The Brewers enter play today at 8-8, but still have games remaining against the Phillies and Reds (and Astros) in April. Jack Moore of Disciples of Uecker has a look back at the first 15 games and says he "will feel very good about Milwaukee's chances to return to the playoffs" if they're still within two games of first place at the end of the month.
Randy Wolf takes on Roy Halladay and his former team tonight. Jesse Sanchez of MLB.com has the preview.
All told, it's been a pretty interesting first month as a major league manager for Ron Roenicke. Brian Anderson has a look at some of Roenicke's managerial philosophies.
Today is a pretty big day in Zack Greinke's rehab, as he's scheduled to make his first appearance for Brevard County tonight. Almost entirely coincidentally, today is also the day Carson Cistulli found an excerpt from Greinke's future biography.
In the minors:
- Mark Rogers really struggled for Nashville yesterday, allowing six runs on seven hits and three walks in just 1.1 innings and losing to Jeff Suppan. Ben Badler of Baseball America says Rogers "just has not been throwing strikes at all this year."
- All told, the affiliates went 1-3 last night. You can read more about the games in today's Minor League Notes.
- The Brewers are still in a bit of a hole organizationally at shortstop, so the fact that they haven't played Eric Farris there yet in Nashville is interesting. They're now saying they still plan to get him some time there eventually.
- Brian Carriveau of PocketDoppler has a look at Tyler Thornburg's hot start with Wisconsin.
- Meanwhile, the Appleton Post Crescent has a profile of Wisconsin second baseman Nick Shaw.
In power rankings:
- Craig Calcaterra of Hardball Talk has the Brewers at 12, up two spots.
- USA Today has the Brewers at 12, up eight spots.
- Beyond the Box Score has the Brewers at 13.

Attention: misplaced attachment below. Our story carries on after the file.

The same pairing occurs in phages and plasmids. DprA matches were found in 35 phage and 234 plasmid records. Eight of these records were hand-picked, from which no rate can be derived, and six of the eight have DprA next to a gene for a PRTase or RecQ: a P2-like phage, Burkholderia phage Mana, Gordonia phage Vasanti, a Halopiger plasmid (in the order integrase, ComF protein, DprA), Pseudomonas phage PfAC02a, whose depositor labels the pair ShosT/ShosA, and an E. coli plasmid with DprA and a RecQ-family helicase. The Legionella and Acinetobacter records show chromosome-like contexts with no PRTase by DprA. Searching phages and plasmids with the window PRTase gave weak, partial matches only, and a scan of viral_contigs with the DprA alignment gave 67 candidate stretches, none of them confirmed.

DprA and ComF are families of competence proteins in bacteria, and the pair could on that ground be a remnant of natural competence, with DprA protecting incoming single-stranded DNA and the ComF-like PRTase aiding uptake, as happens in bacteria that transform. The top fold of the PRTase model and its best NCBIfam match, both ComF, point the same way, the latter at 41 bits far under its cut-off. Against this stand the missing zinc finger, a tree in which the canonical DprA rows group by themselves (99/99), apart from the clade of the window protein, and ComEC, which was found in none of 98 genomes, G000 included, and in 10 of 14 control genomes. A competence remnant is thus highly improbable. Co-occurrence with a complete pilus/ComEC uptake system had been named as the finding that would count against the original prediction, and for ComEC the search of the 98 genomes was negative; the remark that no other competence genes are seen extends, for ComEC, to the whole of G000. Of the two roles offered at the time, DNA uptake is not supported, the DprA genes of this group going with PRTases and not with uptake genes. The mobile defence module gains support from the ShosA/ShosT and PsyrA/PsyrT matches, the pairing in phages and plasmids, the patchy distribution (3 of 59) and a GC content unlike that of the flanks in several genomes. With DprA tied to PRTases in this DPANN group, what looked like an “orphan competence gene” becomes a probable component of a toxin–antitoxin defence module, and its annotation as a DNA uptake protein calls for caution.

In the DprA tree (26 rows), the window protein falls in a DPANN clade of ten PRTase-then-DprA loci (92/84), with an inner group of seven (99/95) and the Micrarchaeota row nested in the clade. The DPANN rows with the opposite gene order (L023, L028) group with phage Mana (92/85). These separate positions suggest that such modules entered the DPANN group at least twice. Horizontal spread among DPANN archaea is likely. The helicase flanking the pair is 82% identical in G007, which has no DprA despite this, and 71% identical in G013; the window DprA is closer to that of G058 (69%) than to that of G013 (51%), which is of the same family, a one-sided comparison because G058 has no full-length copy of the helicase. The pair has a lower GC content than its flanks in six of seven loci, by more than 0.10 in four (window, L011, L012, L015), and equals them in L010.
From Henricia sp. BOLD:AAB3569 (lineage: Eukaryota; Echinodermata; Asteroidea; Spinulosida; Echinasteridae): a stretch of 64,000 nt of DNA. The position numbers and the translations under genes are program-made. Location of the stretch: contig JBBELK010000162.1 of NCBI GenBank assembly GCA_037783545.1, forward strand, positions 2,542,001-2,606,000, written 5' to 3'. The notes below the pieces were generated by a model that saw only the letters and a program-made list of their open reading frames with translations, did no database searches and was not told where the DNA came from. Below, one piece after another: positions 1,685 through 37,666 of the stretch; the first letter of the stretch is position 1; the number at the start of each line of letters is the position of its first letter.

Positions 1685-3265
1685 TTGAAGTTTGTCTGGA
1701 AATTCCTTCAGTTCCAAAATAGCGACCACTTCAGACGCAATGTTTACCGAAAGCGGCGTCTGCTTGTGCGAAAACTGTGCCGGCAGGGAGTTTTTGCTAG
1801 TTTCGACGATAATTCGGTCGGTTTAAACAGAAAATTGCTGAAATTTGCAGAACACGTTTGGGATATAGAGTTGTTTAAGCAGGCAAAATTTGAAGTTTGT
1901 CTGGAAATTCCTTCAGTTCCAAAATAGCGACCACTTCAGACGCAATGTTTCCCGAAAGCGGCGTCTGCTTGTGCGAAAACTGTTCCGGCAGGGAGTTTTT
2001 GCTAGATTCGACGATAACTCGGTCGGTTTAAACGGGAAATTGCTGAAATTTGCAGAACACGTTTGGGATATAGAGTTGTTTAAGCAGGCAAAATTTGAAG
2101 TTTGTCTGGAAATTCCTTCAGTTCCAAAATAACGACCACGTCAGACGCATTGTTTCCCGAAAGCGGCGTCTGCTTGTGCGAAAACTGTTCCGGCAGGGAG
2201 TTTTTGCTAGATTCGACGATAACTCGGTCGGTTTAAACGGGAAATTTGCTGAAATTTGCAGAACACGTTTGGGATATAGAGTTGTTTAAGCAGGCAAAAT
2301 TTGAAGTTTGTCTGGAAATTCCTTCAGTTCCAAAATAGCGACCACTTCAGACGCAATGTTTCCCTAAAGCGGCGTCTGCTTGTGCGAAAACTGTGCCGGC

- ESPN has the Brewers at 17, up one spot.
I won't spoil the ending for you, but I feel like you should know that today is the anniversary of the 1987 "Easter Sunday" game, and @TweetsFrom1987 will be covering it in real time at 1:30.
If you haven't yet, please take a moment today to vote in our Brew Crew Ball Tracking Poll. The poll will remain open until game time tonight and results will be posted tomorrow.
Athletics: Placed pitcher Dallas Braden on the DL with a sore shoulder and acquired pitcher David Purcey from the Blue Jays for a minor league pitcher.
Cubs: Pitcher Brian Schlitter has been returned to the team. (see below)
Dodgers: Designated outfielder Xavier Paul for assignment.
Orioles: Placed pitcher Chris Jakubauskas on the DL with a strained groin.
Reds: Placed third baseman Juan Francisco on the DL with a calf strain.
The Schlitter story above is a pretty interesting series of moves. The Yankees claimed Schlitter off waivers from the Cubs during the offseason, then lost him on waivers to the Phillies. Philadelphia placed him on the DL with an elbow issue but, since the injury was pre-existing, Major League Baseball has voided all of the waiver claims and returned the pitcher to the Cubs.
Around the NL Central yesterday:
- The Pirates beat the Reds, 9-3.
- The Cubs shut out the Padres 1-0 in ten innings.
- The Cardinals and Astros were off, giving St. Louis more time to show off their turtlenecks.
Here are today's updated standings:
Yesterday's strangest news story came from the Reds, where starting pitcher Mike Leake was arrested for shoplifting after allegedly attempting to take roughly $60 worth of t-shirts from a Macy's. The Reds haven't announced if he'll make his next scheduled start on Thursday.
Today in baseball economics: The Astros gave away free donuts for a year to one lucky fan last September, but the promotion ended up costing the fan $237 in taxes.
If you've ever been to a game at Miller Park when the roof is closed, then you'll understand just how unlikely an event like this is: Ryan Raburn of the Tigers became the first player ever to hit a ball off the roof at Safeco Field in Seattle last night. Safeco Field has been in operation since 1999.
Speaking of rare events, there have only been two games in all of baseball this season where teams have led off with back-to-back home runs. Edinson Volquez of the Reds was the pitcher on both occasions.
Now, if you'll excuse me, I'm getting another cookie.